Home Sellers on Average Spend $20,800 to Sell a Home in U.S.
According to Zillow and Thumbtack's new 2019 Hidden Costs of Selling research, home sellers in the United States spend $20,851 on average to sell their homes. This includes closing costs, but also the improvements and other projects made when people are preparing their homes for sale.
More than half of today's sellers are doing so for the first time, and the costs associated with the process may come as an unwelcome surprise. Zillow and Thumbtack identified several common - but often overlooked - expenses to inform sellers as they prepare to list their homes this spring.
The majority (79 percent) of sellers complete at least one home improvement project before putting the home on the market, which tends to pay off. Sellers who make improvements to their homes are more likely to sell for more than their asking price than those who don't - 22 percent versus 16 percent, according to the Zillow Group Consumer Housing Trends Report.
Sellers who hire professional help for common home prep projects tend to spend, based on a national average, $6,570 on improvements like interior and exterior painting, staging, and carpet cleaning, as well as local moving costs to their new home. But with the cost of labor varying by market, sellers in different areas could see significantly different costs. Sellers in Sacramento can spend about $7,800 preparing their home for sale, compared with Phoenix sellers, who could spend about $4,000 for the same projects.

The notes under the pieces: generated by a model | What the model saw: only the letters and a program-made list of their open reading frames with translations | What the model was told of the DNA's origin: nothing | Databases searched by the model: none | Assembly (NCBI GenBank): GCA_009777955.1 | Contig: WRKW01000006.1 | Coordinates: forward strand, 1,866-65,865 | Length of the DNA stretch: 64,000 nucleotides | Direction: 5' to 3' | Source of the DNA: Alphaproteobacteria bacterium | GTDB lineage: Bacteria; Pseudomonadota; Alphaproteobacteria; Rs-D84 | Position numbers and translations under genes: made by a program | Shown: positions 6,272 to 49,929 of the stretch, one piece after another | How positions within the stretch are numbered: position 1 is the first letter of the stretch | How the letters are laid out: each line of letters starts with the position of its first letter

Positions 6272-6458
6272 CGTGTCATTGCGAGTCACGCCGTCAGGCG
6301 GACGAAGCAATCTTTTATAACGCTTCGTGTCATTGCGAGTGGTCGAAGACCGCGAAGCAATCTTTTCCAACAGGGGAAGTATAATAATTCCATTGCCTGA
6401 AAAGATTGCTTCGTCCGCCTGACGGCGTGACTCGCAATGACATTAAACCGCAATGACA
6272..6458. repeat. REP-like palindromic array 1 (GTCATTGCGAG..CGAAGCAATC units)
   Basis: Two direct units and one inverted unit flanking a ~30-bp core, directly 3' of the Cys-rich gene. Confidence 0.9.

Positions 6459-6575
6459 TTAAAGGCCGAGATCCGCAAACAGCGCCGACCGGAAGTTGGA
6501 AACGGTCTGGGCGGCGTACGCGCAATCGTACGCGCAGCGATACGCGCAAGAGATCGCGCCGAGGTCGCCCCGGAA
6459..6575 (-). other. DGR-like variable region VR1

Closing costs are another big expense for home sellers, including agent commissions and transfer or sales taxes. Nationally, these can add up to $14,281, on average, but because they are based on the home's sale price, sellers in the nation's priciest markets pay much more. In the San Jose metro, sellers pay $76,015 on average in closing costs, the highest of metros analyzed. By comparison, sellers in Cleveland spend the least - $9,046.
Preparing a home for sale is just one of the things that can be stressful for sellers. The two biggest challenges for sellers were timing the sale with the purchase of a new home, and selling it within the desired time frame. And with some of the hottest markets cooling off, buyers are able to be more selective as they look for a new home, meaning sellers may have to do more to get their homes sale ready.
"Selling is often a complicated process that can sometimes require extensive prep work in order to put your best foot forward for a successful sale," said Skylar Olsen, Zillow's director of economic research. "It also comes with huge transaction costs that aren't necessarily top of mind to someone who hasn't sold a home in a while or never has had the pleasure. Selling was hard even in the sellers' market of recent years, and it's going to get harder as markets soften."
"While the costs of these touch-up projects can add up, particularly in high cost of living metros, sellers should remember that by taking care of these projects, they can get a really strong return on their investment and may be more likely to sell their home for the highest possible price," said Lucas Puente, Thumbtack economist. "As a first step, homeowners considering selling their home in the next 12 months should start doing research and budgeting appropriately to give themselves ample prep time."